“My school would play a dual role, preparing its pupils for both citizenship and examinations in the morning and afternoon, and becoming a centre for community life in the evenings and holidays. With a resurgence of interest in community life, a school offering its facilities to the public would soon become the pivot of that locality… with people meeting and exchanging ideas and opinions the barriers of prejudice, class and age would begin to erode, and children and adults alike would be taught by example.” (‘David’, 16, The School I’d Like by Edward Blishen (Penguin, 1969) quoted in The Architectural Review, January 1970)
At the start of the new decade The Architectural Review [AR] switched to publishing the Manplan editions on alternate months with the next edition, Manplan 4, analysing educational buildings. The late 1960s was a period of great change in secondary education under the Labour Government spearheaded by the Secretary of State for Education and Science, Anthony Crosland. Under statute Circular 10/65 it became government policy to abolish selective state grammar schools in favour of comprehensive schools, a controversial process that was largely implemented by the mid-1970s. Good examples of new comprehensive schools featured were the Lyons Israel & Ellis designed David Lister Comprehensive School, Hull and Crawshaw Secondary School, Pudsey by Gillinson Barnett & Partners.
Not only were these changes driven by political ideology to correct disadvantages of the class system but also “to humanize British education” to provide better education for all and to give greater opportunities for working class pupils to reach university. Of such “divisions” in class and politics the AR noted:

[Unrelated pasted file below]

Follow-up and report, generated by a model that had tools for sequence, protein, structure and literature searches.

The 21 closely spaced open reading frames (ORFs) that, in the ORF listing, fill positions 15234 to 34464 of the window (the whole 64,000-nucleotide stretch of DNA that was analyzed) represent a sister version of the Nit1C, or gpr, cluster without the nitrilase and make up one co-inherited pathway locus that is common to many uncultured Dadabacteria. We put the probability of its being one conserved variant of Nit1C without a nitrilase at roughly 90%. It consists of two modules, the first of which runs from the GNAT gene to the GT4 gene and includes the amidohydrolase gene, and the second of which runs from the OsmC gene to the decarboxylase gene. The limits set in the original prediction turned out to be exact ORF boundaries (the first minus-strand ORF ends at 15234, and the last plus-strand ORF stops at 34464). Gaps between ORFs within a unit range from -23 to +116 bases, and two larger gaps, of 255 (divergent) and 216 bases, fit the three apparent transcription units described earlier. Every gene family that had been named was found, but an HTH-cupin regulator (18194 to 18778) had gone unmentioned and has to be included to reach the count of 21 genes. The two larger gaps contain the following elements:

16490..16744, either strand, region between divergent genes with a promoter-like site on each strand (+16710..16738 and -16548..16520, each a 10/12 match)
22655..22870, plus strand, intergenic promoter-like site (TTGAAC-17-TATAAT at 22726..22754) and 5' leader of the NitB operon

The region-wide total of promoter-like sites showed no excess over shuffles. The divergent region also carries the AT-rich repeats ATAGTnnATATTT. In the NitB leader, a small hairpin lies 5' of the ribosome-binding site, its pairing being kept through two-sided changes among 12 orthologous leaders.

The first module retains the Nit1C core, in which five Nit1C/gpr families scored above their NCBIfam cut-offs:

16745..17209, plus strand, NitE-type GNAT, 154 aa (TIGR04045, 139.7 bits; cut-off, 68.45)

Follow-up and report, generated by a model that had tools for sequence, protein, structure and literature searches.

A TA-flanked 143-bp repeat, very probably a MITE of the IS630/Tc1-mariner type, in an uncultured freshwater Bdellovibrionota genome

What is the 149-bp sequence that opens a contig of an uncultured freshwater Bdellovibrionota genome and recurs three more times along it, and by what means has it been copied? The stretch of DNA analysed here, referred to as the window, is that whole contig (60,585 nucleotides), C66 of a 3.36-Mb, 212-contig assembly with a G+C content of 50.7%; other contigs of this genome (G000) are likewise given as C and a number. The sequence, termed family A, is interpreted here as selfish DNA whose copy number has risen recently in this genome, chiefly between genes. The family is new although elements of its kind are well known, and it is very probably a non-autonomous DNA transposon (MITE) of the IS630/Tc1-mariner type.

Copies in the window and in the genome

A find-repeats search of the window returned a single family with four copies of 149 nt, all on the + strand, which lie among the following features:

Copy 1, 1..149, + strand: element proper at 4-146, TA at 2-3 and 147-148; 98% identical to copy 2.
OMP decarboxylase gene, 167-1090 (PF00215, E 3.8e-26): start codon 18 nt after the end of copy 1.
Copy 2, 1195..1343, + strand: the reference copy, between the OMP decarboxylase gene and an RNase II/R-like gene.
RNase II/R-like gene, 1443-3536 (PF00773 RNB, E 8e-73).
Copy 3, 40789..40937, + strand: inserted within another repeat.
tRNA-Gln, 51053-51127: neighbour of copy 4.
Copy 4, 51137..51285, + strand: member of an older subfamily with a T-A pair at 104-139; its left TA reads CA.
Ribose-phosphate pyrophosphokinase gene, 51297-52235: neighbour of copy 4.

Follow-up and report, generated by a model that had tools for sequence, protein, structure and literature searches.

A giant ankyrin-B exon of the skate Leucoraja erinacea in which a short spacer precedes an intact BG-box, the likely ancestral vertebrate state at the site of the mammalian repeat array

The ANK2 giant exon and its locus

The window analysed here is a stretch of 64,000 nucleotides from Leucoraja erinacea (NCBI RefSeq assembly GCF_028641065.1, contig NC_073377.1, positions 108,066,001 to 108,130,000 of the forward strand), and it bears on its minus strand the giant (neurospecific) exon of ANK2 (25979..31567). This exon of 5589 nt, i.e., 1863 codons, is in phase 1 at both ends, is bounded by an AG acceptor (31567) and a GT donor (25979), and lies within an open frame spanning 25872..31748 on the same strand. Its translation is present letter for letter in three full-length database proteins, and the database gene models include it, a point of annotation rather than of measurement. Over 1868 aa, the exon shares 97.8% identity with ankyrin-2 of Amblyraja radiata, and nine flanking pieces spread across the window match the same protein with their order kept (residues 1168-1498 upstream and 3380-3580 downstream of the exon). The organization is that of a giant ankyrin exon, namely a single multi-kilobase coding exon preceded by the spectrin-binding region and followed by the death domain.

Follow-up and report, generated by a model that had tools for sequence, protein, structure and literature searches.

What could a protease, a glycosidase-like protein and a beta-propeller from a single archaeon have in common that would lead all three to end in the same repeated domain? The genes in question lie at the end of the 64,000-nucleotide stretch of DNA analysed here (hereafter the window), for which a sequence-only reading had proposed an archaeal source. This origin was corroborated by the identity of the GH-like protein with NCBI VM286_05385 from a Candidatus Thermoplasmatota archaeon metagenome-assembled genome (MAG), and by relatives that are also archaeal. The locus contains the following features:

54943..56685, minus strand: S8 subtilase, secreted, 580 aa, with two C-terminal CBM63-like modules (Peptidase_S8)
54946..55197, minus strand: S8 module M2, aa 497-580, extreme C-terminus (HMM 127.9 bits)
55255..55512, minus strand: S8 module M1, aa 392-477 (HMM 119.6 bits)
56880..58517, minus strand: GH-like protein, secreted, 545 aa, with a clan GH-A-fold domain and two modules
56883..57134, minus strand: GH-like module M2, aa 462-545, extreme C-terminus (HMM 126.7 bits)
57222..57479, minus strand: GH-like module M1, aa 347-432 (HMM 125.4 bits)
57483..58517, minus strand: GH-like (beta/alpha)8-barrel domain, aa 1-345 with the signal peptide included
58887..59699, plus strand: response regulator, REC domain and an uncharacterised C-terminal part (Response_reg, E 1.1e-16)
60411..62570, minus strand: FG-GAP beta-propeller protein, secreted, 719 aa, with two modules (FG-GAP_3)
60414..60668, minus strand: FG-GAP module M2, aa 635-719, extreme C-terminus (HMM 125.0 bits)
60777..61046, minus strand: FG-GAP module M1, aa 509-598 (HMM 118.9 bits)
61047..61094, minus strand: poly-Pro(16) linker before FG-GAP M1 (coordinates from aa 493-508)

“The élitist British public school system is a byword for privilege – a self-perpetuating oligarchy which brooks no interference unless it be matched with cash or brains.” (The Architectural Review, January 1970)
By the use of uncaptioned photographs of Christ's Hospital, Horsham particular scorn was reserved for this school as, “Probably the most bizarre example of British educational institutionalism is the monstrous regimentation implicit in being made to march – headed by a band – for meals.” Not surprisingly in Manplan Letters (March 1970) there were two robust ripostes from the school demanding an apology, one no less than from the inventor Sir Barnes Wallis (the school’s Treasurer) who called the article “grossly offensive”. Whilst due apology was given the AR tried to defend its stance as not being an attack on the school per se but intended as a critique of the “crazy British habit” of children being required to be “properly dressed”, i.e. wearing school uniforms.
Apart from railing against school uniforms the AR’s real message was to promote better school design along with community colleges and their perceived wider benefits to society such as sports or recreational facilities. Like ‘David’ above and the ‘Town Workshop’ of Manplan 3 the AR postulated a rather more integrated but utopian vision of society with schools set in the centre of communities. Examples highlighted include Leicester County Council’s Glenfield Frith Primary School influenced by Hertfordshire County Council’s school-building programme and Bingham Comprehensive School (now Toot Hill School) by Nottinghamshire County Council. Architects' Department.
For more images, see: Manplan 4
Click for further information on the exhibition: Wide-Angle View: architecture as social space in the Manplan series 1969-70, 13 September 2023 to 24 February 2024.
Manplan 4: The Continuing Community
Publication date: January 1970
Series editor: Tom Rock
Consultant editor: Virginia Makins (appointed Features Editor of The Times Educational Supplement in 1969)
Guest photographer: Tom Smith
Article by Jonathan Makepeace